This was exactly what I was thinking when I posted this. It’s reason enough to get furious, but not justification for immediate lawyer action.

I hope that SnoopyFan’s later post is right and clearer heads prevail after they cool off.

It seems too much to me like a really scary near miss – hard to see the kind of heavy-duty damage done that merits some kind of jury award.

I doesn’t say that they are suing, just that they hired a lawyer. It might take a lawyer to cut through the red tape at the hospital just so they can find out for sure what happened.

Breastmilk is living tissue. It is a vector for disease transmission. I would be absolutely livid to learn that someone else had breastfed my child and that I had breastfed another woman’s child because someone couldn’t be bothered to do their damned job properly.

There is an established method in place to prevent these incidents and it was not followed, despite the fact that it takes less than a minute to ensure that the identification bracelets on mother and child match.

Would I sue? Perhaps not, but I would retain someone who had the wherewithal to make properly forceful suggestions of possible legal liability if the hospital didn’t tighten things up. Firing one nurse isn’t and cannot be the end of the issue.

I would be furious but I would not sue as there were no damages. I would demand an investigation and accountability for those involved in the mixup. If the hospital dragged their feet on the investigation I might think about getting a lawyer in order to ensure that they do so.

This sounds like an excellent argument for having the baby in the room with you all the time. Eek!

I wouldn’t sue over a couple of hours, but I’d be FURIOUS.

Where I work, it is an absolute policy to check the bands each and every time a baby is presented. To do otherwise is a violation of a very firm hospital policy and you can (and probably will) be let go for not doing so.

Agreed, unfortunately the baby is often “whisked away” in those first couple days by the hospital staff. Vaccinations, circumcision, photographs, examinations, etc.–plus for a bit of down time so mother can sleep if she’s lucky. And as for not recognizing your own baby, I think it’s very possible. Personally, I had a C-section with my second and didn’t even see him until he was an hour or so old. They could have put a pod-baby in my arms and I wouldn’t have known the difference.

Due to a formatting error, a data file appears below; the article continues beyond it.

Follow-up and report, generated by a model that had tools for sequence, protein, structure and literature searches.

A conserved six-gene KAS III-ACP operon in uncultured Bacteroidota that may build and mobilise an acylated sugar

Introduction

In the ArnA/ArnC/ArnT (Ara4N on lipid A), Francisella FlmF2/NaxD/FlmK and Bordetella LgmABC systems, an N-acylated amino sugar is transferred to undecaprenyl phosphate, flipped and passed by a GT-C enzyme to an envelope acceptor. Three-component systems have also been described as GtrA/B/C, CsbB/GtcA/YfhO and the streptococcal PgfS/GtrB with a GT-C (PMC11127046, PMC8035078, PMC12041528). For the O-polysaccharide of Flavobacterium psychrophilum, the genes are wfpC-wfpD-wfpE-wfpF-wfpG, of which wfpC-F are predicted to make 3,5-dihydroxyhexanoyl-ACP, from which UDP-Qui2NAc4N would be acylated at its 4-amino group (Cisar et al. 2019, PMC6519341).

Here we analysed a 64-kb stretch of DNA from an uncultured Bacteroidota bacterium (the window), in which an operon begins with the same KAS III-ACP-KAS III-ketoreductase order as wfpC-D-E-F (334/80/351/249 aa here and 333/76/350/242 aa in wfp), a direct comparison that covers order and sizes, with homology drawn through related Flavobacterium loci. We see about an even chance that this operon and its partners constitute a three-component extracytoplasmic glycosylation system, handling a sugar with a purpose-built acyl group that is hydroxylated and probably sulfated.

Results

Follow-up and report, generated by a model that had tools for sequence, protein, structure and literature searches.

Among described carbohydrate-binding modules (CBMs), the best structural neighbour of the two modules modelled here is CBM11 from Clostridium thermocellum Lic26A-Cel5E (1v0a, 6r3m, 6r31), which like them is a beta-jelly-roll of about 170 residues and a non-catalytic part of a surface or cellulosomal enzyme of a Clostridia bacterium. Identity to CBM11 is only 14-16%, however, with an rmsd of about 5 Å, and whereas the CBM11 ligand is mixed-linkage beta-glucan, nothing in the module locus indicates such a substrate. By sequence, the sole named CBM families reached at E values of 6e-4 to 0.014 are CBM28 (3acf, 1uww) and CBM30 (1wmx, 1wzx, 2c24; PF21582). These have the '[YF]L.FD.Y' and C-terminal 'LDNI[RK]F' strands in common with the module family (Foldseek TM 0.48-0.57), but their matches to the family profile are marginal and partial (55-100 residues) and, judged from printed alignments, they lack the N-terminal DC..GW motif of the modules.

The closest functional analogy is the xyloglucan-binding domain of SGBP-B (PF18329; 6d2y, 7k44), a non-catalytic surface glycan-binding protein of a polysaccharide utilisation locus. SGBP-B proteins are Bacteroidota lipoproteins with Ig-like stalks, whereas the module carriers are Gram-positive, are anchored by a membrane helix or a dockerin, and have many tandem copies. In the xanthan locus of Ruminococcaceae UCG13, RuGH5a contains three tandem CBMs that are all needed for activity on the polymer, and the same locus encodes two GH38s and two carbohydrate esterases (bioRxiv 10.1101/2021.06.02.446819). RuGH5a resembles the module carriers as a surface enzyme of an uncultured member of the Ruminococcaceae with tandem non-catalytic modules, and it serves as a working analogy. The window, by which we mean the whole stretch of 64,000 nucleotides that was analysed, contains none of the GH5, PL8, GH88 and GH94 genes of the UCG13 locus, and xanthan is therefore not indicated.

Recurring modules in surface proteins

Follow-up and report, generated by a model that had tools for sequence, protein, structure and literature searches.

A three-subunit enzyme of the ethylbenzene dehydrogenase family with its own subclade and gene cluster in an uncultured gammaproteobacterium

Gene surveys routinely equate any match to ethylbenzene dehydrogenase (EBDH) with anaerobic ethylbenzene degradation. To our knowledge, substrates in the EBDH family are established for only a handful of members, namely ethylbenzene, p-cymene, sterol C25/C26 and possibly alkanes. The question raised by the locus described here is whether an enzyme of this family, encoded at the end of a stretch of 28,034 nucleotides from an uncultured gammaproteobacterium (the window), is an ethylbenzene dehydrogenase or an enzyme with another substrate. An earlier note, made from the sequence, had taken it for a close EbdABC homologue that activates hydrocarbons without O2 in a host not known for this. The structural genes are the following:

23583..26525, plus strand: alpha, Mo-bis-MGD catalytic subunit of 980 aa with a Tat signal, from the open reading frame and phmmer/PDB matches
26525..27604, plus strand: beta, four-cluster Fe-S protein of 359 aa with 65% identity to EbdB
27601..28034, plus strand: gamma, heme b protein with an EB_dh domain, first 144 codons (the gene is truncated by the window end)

So take into consideration that a mother, after giving birth, is exhausted, stressed, emotional, and often in pain and I can see how she might not recognize an infant that she’d only held for a short time previously. Should she sue over this incident where all ended well and the nurse has been fired? No. Is it right that the nurse was fired? Oh yeah.

I’d have to agree that a lawyer just means that the parents want information, not that they intend to sue. The hospitals are their own worst enemy here. In my area, the official hospital policy is to stonewall at every turn, no matter what. Ironically, this is to prevent any admission of error so that nobody can gain bring suit.

Instead, it makes people so angry at the doctors and hospital that they end up hoping that something goes wrong just so they can sue the SOB’s

There was a guy I worked with who went into the hospital for a knee operation. He woke up from anesthesia with a front tooth missing. But NOBODY would tell him how it occured, or give any explanation. He hired a lawyer, and, to make a long story short, found out that a nurse was passing an oxygen tank to the anesthetist over his face when it slipped and hit him in the mouth. He is now sueing. If the hospital had admitted the mistake and paid for a few trips to the dentist they could have saved themselves a law suit.

A good argument for home births.

I’ve got a little crimp in my ear that my mom says she used to distinguish me from other babies. Lucky thing, or who knows where I could have ended up?!

Speaking as a {hrmph, hrmph} Father, I will add that I would have been just as upset as any Mother if it happened to me.

I remember the hormonal state I was in after I had my daughter and I would have had an hysterical fit. There is a trust relationship that a woman has with the hospital when she’s just given birth, and this is a tremendous violation of that on an emotional level, never mind the obvious failure to follow hospital policy.

When I was in the hospital with my daughter, there was a very small mix-up and just that was enough to be shaking in anger and fear (and again, hormones). 3 different times nurses came into my room to take my daughter away saying, “Now, the circumcision should only take a few moments and we’ll have baby right back here after.” The first two times I said “Fucking **what? ** She’s a girl!” After the third time a nurse tried to take my daughter for a circumcision I got up out of my bed (less than 24 hours post-partum) and had a huge slobbery fit at the nurses station, and the nursing supervisor got me calmed down and finally sorted out what was going wrong. But boy was I pissed, and I remember thinking “What is wrong with these people? Why can’t they keep track of my baby!”

I never thought of hiring a lawyer because really, now that I have perspective it wasn’t that big of a deal, and presumably if they had gotten that far they would have figured out that she wasn’t a boy. :wink: But I can understand the incredible sense of betrayal and horror that this mix-up would have caused in these families.